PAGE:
Hello,

I am looking to calculate normal (pointing outwards) at each point of a curve. I want to know if there is any Julia package to perform this action.I am using the Forward gradient package to calculate the gradient at each point. I have a vector of many vectors as the input and would like to calculate the normal at each input vector.

Please let me know if there is any package.

Thank you in advance for the help.

Jyoti.

I am not sure this problem can be solved so generally. For example, if your points are all on a straight line, there is no unique normal vector at each point.

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For a general curve you can compute the Frenet triad. But not necessarily unique, as pointed out by someone above.

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Itâ€™s an easy calculus exercise to get a normal from the gradient.

If you have a surface defined implicitly by f(\vec{x}) = 0, then the gradient \nabla f *is* a normal vector if you evaluate it for any point on the surface.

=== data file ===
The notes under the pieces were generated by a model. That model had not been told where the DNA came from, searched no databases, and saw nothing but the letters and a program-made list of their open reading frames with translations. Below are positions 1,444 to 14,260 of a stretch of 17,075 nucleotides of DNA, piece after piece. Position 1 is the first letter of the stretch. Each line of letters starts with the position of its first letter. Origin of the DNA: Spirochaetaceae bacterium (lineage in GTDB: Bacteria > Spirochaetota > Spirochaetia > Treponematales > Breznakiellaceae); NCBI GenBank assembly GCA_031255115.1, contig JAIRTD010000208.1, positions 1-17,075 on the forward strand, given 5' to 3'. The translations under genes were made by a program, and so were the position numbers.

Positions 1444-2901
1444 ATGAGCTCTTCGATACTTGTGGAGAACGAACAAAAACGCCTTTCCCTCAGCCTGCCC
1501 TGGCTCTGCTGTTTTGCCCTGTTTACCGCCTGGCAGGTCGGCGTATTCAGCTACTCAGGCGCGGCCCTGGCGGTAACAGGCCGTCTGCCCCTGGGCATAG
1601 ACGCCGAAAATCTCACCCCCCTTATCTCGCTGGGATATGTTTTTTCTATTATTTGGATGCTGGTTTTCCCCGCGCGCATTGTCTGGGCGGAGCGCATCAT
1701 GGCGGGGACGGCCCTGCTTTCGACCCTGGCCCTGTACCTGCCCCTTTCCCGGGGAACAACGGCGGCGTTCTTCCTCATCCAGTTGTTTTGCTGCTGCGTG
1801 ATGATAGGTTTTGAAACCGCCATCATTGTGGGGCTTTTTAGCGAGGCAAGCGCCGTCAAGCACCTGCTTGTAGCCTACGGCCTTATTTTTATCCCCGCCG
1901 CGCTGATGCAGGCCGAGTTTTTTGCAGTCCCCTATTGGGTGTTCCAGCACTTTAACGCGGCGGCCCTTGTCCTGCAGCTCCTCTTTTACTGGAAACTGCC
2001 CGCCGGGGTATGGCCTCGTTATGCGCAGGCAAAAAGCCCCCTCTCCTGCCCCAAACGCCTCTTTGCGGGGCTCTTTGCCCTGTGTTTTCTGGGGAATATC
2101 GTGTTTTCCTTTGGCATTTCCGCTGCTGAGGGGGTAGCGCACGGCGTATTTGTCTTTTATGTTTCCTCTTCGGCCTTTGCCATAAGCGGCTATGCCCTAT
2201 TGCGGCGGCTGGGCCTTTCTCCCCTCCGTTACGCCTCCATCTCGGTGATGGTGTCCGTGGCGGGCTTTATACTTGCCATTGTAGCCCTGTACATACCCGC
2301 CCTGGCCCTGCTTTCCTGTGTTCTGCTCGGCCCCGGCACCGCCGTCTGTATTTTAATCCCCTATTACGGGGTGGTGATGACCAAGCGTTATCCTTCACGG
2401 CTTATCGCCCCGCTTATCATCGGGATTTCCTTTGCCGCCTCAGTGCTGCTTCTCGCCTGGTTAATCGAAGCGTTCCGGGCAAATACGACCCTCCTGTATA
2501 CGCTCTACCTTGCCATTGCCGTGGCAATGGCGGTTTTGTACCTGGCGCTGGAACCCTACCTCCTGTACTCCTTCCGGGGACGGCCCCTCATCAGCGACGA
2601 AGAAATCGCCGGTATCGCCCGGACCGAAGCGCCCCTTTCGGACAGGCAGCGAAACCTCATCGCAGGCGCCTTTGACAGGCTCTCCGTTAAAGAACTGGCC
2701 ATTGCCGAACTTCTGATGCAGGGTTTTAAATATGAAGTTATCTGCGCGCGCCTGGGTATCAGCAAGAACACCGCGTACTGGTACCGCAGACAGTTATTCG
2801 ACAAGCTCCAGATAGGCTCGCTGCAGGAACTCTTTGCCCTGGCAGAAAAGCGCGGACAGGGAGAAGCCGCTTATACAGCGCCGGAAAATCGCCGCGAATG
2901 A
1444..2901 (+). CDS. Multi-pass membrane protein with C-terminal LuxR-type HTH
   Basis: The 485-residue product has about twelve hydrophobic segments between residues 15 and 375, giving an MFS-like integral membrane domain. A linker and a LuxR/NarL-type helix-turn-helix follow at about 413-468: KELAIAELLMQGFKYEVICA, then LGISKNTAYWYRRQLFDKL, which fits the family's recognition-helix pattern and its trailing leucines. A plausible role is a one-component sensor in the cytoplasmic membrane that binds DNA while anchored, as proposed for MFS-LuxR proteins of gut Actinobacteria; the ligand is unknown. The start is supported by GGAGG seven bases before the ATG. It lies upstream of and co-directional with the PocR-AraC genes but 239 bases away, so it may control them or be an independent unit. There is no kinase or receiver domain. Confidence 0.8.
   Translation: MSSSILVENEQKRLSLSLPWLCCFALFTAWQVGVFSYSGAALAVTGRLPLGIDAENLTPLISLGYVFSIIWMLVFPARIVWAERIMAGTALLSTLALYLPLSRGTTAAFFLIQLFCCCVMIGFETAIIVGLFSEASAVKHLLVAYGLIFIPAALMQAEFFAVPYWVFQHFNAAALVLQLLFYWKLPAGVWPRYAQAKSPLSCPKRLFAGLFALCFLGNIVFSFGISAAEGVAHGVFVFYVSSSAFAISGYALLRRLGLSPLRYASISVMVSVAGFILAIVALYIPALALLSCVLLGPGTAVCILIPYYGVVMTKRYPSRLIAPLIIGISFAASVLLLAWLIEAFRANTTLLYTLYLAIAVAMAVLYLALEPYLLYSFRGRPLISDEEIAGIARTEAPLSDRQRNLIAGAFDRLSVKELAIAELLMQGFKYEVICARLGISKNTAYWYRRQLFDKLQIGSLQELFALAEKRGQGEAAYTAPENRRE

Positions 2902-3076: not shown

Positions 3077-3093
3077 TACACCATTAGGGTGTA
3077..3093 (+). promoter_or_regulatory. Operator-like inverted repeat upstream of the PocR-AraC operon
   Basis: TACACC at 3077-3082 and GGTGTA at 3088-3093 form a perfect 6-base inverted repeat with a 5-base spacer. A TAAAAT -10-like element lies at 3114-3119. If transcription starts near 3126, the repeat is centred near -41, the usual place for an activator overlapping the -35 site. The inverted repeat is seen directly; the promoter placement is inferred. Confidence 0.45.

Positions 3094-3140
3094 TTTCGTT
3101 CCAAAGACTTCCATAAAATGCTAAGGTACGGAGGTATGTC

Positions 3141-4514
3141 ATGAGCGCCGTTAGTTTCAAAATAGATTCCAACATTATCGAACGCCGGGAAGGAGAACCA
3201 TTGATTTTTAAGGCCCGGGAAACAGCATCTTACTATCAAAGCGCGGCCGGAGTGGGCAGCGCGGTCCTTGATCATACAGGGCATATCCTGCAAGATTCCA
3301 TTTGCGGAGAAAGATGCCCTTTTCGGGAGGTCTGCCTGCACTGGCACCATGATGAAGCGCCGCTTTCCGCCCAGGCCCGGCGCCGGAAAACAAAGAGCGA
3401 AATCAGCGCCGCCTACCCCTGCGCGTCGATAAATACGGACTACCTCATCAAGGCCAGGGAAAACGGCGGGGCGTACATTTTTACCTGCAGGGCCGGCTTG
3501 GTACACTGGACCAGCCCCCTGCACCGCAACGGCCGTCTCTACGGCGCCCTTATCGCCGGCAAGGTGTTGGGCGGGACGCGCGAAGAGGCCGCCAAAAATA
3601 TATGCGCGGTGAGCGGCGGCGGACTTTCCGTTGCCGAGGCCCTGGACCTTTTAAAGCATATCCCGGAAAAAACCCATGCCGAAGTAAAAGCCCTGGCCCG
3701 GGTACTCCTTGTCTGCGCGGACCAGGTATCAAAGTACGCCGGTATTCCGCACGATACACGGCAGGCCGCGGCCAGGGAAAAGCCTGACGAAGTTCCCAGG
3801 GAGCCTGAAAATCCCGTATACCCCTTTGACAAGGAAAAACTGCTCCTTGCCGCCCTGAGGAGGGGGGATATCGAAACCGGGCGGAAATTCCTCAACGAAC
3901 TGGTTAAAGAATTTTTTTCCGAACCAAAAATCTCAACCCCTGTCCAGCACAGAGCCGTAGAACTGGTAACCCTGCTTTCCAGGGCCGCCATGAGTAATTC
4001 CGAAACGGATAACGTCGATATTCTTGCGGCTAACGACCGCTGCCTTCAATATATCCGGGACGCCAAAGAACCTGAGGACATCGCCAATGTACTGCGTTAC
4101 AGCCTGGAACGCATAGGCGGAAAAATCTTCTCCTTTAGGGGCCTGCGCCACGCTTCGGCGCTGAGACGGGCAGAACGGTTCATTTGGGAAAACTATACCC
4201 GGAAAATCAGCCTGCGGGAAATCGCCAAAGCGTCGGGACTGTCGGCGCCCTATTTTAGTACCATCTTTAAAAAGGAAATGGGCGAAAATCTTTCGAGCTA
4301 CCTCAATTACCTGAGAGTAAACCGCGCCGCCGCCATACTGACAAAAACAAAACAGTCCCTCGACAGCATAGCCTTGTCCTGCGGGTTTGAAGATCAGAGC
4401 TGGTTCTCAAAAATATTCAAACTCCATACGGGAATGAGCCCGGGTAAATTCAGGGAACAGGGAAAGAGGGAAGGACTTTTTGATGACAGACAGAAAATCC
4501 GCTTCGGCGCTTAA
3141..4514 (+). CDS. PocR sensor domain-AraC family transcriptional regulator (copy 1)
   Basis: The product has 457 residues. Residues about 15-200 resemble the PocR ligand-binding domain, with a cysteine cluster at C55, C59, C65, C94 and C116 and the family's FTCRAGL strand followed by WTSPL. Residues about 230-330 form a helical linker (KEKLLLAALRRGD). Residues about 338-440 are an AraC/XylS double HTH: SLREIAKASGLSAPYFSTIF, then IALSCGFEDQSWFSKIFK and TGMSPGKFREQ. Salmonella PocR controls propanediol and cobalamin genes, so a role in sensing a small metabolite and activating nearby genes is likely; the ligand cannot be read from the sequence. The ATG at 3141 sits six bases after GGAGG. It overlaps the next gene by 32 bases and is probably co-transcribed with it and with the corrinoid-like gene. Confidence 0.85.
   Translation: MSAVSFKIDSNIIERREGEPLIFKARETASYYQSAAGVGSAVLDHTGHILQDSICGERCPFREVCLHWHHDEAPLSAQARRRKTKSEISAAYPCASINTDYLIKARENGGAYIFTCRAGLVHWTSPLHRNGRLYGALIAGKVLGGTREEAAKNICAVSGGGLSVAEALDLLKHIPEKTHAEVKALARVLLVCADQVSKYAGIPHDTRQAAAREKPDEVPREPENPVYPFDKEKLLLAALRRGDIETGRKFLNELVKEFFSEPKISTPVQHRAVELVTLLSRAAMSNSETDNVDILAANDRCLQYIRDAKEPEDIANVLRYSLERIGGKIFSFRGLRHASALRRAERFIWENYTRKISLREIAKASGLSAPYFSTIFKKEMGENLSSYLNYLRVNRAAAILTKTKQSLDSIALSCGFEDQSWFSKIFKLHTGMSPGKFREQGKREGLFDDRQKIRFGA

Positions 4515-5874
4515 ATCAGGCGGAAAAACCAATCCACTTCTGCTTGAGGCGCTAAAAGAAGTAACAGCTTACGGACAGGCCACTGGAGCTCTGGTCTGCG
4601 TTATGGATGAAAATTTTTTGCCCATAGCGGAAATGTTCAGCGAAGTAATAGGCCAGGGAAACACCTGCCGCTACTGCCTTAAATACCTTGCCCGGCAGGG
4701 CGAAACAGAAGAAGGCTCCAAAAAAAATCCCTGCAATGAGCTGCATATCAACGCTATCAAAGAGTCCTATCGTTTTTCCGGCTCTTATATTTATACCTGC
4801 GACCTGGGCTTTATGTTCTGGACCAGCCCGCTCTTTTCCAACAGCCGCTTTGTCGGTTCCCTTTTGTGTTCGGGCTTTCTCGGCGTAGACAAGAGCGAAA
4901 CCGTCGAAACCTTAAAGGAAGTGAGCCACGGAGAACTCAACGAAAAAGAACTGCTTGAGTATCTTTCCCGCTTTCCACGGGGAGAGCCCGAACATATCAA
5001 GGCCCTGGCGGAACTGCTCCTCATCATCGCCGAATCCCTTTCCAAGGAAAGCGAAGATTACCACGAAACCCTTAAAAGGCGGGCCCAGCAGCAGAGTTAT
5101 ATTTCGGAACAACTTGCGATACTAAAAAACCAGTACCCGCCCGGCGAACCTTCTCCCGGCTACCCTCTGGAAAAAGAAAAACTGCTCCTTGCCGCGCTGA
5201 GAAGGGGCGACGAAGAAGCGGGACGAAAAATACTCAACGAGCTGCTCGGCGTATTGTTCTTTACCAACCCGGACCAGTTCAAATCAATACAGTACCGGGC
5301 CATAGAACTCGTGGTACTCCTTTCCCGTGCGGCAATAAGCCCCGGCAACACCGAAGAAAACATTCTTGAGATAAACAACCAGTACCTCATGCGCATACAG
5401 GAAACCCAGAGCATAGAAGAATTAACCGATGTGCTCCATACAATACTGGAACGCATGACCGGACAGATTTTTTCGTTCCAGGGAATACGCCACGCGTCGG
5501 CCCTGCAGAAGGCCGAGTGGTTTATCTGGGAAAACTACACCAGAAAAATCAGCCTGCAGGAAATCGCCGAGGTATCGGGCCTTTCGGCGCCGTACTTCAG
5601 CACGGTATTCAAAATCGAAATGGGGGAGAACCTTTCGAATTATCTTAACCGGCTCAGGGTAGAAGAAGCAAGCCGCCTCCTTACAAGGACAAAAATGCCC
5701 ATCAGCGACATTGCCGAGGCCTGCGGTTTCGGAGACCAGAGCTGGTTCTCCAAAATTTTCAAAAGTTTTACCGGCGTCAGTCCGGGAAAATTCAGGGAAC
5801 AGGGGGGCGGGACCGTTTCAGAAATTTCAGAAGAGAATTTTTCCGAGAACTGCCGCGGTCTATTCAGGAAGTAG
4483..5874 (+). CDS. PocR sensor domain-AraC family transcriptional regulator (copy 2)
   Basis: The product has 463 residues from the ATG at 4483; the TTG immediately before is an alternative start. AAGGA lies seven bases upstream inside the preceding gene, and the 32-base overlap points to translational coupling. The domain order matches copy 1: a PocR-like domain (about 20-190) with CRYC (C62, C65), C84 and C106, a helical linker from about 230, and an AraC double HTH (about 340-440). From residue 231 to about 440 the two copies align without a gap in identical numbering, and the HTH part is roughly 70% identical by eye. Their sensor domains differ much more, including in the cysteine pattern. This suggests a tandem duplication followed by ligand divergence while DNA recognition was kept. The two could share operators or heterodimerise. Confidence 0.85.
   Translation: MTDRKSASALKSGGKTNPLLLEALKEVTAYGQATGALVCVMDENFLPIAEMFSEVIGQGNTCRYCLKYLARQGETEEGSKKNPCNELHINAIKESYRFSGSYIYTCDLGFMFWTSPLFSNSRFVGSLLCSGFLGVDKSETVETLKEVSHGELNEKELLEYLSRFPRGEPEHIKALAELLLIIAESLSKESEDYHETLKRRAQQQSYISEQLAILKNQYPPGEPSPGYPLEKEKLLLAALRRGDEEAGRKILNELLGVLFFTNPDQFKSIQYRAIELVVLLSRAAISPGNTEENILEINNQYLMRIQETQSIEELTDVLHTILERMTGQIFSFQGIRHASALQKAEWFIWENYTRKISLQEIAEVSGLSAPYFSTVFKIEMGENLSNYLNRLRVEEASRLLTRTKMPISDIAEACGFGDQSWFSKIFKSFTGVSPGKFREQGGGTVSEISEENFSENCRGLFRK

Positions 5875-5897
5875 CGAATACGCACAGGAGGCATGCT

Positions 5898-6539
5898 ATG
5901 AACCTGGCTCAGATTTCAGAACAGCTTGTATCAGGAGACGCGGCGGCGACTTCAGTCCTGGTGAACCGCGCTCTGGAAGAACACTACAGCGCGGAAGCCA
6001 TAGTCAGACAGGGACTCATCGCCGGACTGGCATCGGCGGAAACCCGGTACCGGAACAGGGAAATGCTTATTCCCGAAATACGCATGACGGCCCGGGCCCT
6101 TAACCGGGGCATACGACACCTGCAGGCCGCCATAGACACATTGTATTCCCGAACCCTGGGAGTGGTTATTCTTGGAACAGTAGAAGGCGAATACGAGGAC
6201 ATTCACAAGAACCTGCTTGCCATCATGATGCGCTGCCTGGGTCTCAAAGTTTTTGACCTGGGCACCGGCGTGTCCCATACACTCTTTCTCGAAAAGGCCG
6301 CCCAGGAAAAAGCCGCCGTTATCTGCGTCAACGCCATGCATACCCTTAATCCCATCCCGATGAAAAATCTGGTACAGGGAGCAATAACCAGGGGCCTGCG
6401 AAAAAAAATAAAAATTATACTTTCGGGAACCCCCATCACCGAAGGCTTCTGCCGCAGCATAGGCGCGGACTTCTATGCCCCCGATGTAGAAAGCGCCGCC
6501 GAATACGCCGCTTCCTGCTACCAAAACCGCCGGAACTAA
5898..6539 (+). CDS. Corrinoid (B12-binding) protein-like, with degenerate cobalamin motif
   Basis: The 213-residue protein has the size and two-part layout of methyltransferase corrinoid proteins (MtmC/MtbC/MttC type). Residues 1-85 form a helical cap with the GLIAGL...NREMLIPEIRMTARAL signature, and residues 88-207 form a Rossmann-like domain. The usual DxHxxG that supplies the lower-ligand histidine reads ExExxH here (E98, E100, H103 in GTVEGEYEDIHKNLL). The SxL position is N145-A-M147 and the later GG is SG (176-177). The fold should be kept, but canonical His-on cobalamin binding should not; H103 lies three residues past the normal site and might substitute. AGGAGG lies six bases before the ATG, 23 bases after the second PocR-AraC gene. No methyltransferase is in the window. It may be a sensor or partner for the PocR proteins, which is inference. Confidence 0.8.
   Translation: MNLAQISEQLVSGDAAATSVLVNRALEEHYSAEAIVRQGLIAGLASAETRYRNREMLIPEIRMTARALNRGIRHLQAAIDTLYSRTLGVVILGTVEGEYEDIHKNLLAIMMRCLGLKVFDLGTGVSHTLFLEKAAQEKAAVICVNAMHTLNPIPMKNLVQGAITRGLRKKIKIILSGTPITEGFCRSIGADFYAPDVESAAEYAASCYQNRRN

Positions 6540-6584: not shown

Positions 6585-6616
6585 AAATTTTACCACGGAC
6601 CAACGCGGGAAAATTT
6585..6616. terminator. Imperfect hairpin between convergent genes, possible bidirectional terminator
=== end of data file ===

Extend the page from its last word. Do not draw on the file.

If you have a 2d surface z = f(x,y) in 3d, then this is equivalent to f(x,y) - z=0 and so the normal vector is \nabla_{xyz} (f - z) = \begin{pmatrix} \partial f / \partial x \\ \partial f / \partial y \\ -1\end{pmatrix}.

If you have a 1d curve y = f(x) in 2d, then applying the same thing to f(x) - y yields the normal vector \begin{pmatrix} \partial f / \partial x \\ -1\end{pmatrix}.

If you have a 1d curve in n > 2 dimensions \vec{x} = \vec{f}(t) \in \mathbb{R}^n, then the normal vector is not uniquely defined â€” it could be any vector orthogonal to the tangent d\vec{f}/dt. You need to supply more information about *which* normal vector you want.

Just figure out the formula at each point, and then apply it to as many vectors as you want.

There is no need in Julia to search for â€śvectorizedâ€ť or â€śbuilt-inâ€ť functions â€” user code is fast, and loops are fast, as long as you follow the performance tips.

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Thank you for your response.

My points lie on a circle or an arbitrary closed curve in 2D.

Thank you for your response.

Right, I only need a normal pointing outwards from the 2D surface.

Thank you for your detailed response.

In my case, I want to evaluate a normal at every point located on a circle first.

Later, I want to extend this to any curve (2D). I am interested in a normal vector pointing outwards from the surface.

Computing a normal vector from the derivative is easy from the derivative, as I mentioned. Computing the *outward* normal vector is more difficult, and may be impossible to define if the curve is self intersecting. See this stackoverflow discussion.